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(Today's Smart Brevity count: 1,196 words, < 5 minutes.)
Illustration: Lazaro Gamio/Axios
Stocks took a nosedive for the second consecutive day on Wednesday and the Dow and S&P fell for the fourth time in 5 sessions. But the U.S. Treasury market experienced a far smaller move, as it has been factoring in manufacturing weakness and slowing job growth for months.
What's happening: Bearish investors appear to have seized control of stock markets and are now pricing in the impacts of the already-in-recession manufacturing sector. While the Dow fell by nearly 500 points on Wednesday, the benchmark U.S. 10-year Treasury note yield dipped just 5 basis points.
Reality check: Jobs, consumer spending and the all-important services sector, which represents around 70% of the U.S. economy, have largely held strong.
Between the lines: Treasury yields have been incrementally moving lower throughout the year as traders have poured into bonds, correctly betting that U.S. economic data would continue to weaken and the Fed would cut overnight interest rates and ease policy.
The bottom line: With more important data releases to come this week, the stock market may continue to be volatile. But the Treasury market has proven a better representative of the real economy this year and may have found a floor.
Historically, as U.S. stock prices rise, Treasury yields increase as investors sell bonds to buy equities. But that has not been the case over the past year.
The U.S. stock market may be running low on liquidity, experts say, and that could very well weigh down prices and lead to further selling.
Why it matters: The dysfunction over the past few weeks in the repo market, which is where large financial institutions sell assets like Treasuries when they need quick cash, may have been the first signal of a wide-ranging liquidity shortage.
What they're saying: "Over the past year we have seen liquidity risks bubbling up," Bank of America Merrill Lynch equity and quant strategist Savita Subramanian said in a note to clients.
The nagging issues in the repo market are "just a symptom of a larger macro problem," Yves Lamoureux, president of macroeconomic research firm Lamoureux & Co., told Axios.
Watch this space: The rapidly rising popularity of passive investing, converging stock ownership, and increasing fund flows from pension funds and large money managers into private equity is drying out typical sources of liquidity to the stock market and could mean major outflows in the face of bad news, Subramanian adds.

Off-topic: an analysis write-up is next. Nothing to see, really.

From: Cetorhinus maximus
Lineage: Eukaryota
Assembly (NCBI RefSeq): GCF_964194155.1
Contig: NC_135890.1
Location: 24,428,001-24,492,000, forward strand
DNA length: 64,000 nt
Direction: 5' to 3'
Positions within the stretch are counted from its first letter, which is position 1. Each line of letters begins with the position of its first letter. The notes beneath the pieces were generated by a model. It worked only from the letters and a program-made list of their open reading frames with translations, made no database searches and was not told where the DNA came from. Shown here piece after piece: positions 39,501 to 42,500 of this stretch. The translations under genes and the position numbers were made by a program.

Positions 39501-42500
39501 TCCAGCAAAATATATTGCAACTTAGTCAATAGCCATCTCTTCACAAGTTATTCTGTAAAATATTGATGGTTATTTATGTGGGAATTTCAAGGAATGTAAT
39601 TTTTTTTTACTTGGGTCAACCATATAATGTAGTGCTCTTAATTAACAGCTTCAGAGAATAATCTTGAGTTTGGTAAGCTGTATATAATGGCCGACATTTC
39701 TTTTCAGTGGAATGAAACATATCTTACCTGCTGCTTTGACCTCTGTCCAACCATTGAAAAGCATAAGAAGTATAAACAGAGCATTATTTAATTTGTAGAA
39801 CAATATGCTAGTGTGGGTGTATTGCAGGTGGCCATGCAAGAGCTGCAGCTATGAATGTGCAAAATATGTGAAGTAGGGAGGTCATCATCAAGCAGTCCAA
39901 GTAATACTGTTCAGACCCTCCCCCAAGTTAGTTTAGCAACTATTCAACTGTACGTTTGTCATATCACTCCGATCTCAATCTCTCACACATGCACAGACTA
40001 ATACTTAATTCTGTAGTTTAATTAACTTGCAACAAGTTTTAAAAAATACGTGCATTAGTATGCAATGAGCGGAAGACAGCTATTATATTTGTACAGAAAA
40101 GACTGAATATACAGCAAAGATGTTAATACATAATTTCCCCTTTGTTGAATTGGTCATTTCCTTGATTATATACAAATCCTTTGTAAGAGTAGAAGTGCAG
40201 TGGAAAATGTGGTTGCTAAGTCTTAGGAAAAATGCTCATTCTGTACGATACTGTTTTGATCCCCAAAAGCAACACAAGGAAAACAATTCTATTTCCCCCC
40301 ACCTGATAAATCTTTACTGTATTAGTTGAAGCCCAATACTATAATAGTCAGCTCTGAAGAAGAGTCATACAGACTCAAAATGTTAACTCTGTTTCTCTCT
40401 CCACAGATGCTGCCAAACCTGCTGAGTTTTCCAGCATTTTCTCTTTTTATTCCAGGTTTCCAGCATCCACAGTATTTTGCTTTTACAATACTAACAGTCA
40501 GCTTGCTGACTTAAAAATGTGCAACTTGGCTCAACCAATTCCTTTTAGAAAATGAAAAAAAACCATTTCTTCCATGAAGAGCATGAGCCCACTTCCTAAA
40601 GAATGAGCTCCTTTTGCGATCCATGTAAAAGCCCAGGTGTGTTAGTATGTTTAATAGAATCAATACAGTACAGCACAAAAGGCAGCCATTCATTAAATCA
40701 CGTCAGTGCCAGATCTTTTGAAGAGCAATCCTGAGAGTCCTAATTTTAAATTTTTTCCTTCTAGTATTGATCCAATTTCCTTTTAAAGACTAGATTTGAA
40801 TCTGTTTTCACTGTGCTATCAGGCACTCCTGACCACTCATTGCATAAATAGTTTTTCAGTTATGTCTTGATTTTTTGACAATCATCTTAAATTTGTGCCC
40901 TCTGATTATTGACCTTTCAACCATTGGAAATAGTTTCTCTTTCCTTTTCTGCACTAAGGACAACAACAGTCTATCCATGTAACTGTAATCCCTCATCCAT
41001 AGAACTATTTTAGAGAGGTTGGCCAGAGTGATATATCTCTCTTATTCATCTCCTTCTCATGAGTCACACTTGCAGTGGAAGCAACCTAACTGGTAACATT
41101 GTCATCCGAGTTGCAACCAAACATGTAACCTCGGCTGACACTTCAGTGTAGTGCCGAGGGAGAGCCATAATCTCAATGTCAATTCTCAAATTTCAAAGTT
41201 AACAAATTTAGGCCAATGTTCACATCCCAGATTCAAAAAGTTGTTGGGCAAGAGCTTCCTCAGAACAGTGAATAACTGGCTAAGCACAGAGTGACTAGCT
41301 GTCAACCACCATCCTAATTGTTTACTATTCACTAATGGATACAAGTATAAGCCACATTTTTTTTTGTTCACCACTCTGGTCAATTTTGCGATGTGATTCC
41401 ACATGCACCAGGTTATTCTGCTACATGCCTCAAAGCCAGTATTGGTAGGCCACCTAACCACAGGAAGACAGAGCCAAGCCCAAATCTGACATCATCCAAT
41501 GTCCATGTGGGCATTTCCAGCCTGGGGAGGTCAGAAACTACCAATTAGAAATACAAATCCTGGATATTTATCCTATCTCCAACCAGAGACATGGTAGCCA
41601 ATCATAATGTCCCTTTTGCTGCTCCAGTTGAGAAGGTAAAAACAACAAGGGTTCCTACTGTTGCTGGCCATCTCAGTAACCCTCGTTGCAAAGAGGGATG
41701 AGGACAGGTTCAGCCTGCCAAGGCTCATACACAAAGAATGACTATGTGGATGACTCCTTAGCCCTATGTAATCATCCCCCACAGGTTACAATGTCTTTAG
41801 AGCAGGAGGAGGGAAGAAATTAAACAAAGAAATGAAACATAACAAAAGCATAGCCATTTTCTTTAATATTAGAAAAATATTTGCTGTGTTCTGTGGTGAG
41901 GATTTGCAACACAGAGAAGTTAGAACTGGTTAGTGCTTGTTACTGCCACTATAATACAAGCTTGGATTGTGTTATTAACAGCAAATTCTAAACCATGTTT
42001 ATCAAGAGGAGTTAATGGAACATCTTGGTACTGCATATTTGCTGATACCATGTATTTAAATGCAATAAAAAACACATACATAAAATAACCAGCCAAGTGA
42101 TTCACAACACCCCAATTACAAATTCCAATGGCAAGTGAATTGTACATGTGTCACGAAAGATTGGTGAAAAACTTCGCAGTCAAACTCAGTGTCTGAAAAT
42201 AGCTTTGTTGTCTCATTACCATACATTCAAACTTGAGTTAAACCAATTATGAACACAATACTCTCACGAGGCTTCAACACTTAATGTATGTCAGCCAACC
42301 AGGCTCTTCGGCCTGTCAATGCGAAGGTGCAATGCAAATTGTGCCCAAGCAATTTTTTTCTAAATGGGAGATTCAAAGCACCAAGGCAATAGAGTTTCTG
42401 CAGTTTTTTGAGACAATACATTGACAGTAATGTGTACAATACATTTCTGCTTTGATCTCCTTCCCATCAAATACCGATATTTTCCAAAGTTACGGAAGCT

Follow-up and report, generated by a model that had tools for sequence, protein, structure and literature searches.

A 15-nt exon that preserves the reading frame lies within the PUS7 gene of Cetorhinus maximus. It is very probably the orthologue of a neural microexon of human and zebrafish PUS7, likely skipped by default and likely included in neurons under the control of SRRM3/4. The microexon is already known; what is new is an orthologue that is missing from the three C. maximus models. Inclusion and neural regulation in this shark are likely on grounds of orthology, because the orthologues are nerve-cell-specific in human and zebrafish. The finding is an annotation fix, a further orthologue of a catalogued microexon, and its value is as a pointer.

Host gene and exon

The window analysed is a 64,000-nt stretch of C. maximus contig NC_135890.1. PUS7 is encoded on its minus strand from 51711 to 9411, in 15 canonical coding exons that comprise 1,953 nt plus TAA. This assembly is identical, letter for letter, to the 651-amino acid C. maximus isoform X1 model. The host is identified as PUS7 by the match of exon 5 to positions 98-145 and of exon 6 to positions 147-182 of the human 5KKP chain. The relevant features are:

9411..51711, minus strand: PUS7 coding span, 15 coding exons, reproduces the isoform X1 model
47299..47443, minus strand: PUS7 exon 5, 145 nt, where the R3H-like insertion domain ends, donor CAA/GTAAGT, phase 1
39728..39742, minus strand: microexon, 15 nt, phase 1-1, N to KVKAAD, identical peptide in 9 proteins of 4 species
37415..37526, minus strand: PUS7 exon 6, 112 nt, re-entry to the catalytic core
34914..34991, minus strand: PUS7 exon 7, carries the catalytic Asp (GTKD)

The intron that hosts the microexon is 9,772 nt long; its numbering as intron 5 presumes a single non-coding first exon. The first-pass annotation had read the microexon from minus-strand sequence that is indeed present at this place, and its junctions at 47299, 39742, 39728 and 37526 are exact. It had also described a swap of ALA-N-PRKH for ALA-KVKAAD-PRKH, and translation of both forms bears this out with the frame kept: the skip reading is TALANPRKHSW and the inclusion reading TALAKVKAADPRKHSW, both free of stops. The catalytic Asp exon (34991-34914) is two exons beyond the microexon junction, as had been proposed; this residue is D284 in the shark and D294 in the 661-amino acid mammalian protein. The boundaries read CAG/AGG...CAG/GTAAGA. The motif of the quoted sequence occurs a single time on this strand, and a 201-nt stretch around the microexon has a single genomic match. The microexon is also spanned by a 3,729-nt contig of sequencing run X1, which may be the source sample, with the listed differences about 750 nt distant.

Axios managing editor Jennifer Kingson writes: It now costs an average of $4.72 to take money out of an ATM that isn't owned by your bank — the highest amount since Bankrate.com started tracking the data in 1998 (when it was $1.97).
Why it matters: ATM fees disproportionately fall on low-income people in neighborhoods that banks tend to avoid. At the same time, saving money in the bank is harder than before, as banks lower the interest rates they pay to depositors.
By the numbers: There are 2 parts to what customers pay to use an out-of-network ATM...
By the city: Of the 25 metro areas included in the study, Houston has the highest average ATM fee ($5.58), while Los Angeles has the lowest ($4.15).
Meanwhile, the average yield on a checking account is only .06% — down from 1.35% in 1998 (though the lowest figure was .04% in 2014, per Bankrate).
Tuesday's dramatic slide in U.S. manufacturing to the weakest level in 10 years generated jarring headlines and spooked the market, but there are signs the sector is improving on a global level.
Between the lines: A survey of global manufacturing data from IHS Markit Tuesday showed that though the sector remains in contraction, the index rose for the second straight month.
The last word: "The data provides no room for complacency, but is not quite as bleak as the ISM data suggests," Alan Ruskin, chief international strategist at Deutsche Bank, said in a note to clients.
The U.S. opened another phase in what's beginning to look like a global trade war, announcing it will impose tariffs on $7.5 billion in aircraft, agricultural products and other goods from the European Union.
Details: The World Trade Organization authorized the tariffs as a result of a U.S. complaint over EU subsidies to Airbus.
Why it matters: With little traction on a trade deal with China, and Europe's deteriorating economic stability, this action by the U.S. will likely further sour the mood of global equity markets and threatens to further weaken the global economy.
“I’m tempted to say it will poison the well on other U.S.-EU trade issues, but the well is pretty poisoned anyways."— William Reinsch, senior adviser, Center for Strategic and International Studies, said of the new tariffs to WSJ
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